The notes this week have been prepared by Stuart.
‘I cannot do it,’ Joseph replied to Pharaoh, ‘but God will give Pharaoh the answer he desires.’ (Genesis 41:16)
- God can do the impossible
- It’s not me
This was Israel’s story throughout the Old Testament. For example, the birth of Isaac, Joseph’s rise, crossing the Red Sea, manna from heaven, water from rocks, crossing the Jordon, Jericho and beyond. Time and time again, to keep the people grounded, the prophets and leaders emphasised it was the Lord’s doing.
It’s the same message with the Gospel. I was an alien, an enemy of God, lost and worthy of nothing but rejection and oblivion. But he saw me, loved me, came to me, took my place, bore my sin, suffered my punishment and died my death. He washed my sins away, gave me life and peace, brought be in to the family of God and gave me an eternal hope. He has taken a nothing and a nobody and made me a child of God, a joint heir with Christ. And I had no part to play in this (Ephesians 2:1-9)
But now that we are saved the next verse of Ephesians 2 says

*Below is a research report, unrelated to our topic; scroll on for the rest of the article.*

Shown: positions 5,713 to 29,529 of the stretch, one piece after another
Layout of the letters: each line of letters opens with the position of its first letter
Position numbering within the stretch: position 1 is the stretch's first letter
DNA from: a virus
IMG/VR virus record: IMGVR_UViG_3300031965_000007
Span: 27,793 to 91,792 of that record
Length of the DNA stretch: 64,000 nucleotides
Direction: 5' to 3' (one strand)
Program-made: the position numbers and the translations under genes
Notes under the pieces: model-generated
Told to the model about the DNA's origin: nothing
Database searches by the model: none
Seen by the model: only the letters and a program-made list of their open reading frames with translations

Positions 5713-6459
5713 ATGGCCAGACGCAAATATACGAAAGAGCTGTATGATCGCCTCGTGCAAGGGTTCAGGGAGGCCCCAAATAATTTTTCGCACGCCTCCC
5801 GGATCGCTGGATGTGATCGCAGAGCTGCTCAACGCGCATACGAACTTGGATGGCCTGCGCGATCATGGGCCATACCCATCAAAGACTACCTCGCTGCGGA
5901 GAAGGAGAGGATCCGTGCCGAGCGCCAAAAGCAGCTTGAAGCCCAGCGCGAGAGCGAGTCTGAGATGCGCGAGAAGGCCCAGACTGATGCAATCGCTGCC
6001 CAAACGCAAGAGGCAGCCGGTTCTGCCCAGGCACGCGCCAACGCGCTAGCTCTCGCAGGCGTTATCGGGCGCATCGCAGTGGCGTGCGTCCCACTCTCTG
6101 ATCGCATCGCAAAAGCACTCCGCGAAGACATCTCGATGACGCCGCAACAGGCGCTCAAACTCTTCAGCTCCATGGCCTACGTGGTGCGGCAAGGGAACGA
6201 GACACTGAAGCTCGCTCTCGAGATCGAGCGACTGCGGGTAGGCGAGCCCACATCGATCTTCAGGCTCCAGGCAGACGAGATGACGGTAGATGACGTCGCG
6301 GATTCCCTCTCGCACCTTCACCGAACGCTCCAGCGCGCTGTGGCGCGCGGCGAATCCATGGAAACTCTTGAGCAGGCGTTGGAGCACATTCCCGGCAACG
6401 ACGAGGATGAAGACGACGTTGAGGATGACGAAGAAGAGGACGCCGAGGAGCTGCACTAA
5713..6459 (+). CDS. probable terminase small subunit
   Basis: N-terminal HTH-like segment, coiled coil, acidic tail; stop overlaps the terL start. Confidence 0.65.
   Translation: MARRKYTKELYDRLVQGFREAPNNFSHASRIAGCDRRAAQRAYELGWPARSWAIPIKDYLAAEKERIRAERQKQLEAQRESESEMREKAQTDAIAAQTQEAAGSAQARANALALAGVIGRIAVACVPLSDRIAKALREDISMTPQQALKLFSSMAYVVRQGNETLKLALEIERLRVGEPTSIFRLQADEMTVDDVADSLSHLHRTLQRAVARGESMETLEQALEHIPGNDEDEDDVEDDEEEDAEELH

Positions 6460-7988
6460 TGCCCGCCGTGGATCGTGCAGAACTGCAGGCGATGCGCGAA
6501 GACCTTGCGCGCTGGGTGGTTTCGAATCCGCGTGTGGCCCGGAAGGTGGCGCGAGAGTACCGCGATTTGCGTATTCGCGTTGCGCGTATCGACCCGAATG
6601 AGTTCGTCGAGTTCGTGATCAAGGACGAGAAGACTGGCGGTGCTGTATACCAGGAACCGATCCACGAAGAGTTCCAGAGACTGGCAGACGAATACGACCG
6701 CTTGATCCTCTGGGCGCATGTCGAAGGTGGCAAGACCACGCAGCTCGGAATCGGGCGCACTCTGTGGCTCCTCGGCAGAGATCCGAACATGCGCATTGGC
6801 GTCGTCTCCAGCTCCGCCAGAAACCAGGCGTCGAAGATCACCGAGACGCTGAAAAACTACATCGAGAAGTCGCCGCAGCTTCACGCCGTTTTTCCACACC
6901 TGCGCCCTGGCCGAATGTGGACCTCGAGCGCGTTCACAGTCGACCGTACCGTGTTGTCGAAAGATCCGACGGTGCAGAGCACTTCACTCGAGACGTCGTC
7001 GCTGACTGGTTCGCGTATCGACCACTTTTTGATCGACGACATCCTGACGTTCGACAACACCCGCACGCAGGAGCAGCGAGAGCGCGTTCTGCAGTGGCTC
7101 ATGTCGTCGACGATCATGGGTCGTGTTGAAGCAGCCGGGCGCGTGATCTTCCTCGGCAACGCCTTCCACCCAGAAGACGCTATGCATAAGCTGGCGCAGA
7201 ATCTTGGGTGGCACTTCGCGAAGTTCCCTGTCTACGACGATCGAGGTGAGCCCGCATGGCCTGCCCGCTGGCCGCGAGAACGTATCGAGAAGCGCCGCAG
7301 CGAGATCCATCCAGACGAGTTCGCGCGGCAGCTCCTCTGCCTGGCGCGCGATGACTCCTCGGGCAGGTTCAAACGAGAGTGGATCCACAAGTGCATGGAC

“For we are God’s handiwork, created in Christ Jesus to do good works, which God prepared in advance for us to do.” (Ephesians 2:10)
In other words, God now uses us as his instruments to work and to serve for his glory and he has endowed us with spiritual gifts and his Holy Spirit (1 Corinthians 12:4-11) to empower us to do this.
Now here’s the challenge; although God is working in and through us what people see is us, they thank us, they praise us and the service we have done, which runs the risk that we lose perspective. Look at the examples of Moses, Hezekiah and Diotrephes
- Moses flare up with the people when they complained about no water and the emphasis was on him (Numbers 20)
- Hezekiah showed off his wealth to the Babylonians which resulted in God’s judgement through Isaiah (2 Kings 20)
- Diotrephes wanted the pre-eminence (3 John)
When Paul defends his apostleship to the Corinthians (2 Corinthians 10-12) he had many things to boast about as he describes his hardships and blessings but he sums up his attitude as this:
“But, ‘Let the one who boasts boast in the Lord.’ For it is not the one who commends himself who is approved, but the one whom the Lord commends.” (2 Corinthians 10:17-18)
To the Philippians he wrote:
“Do nothing out of selfish ambition or vain conceit. Rather, in humility value others above yourselves, not looking to your own interests but each of you to the interests of the others.” (Philippians 2:3-4)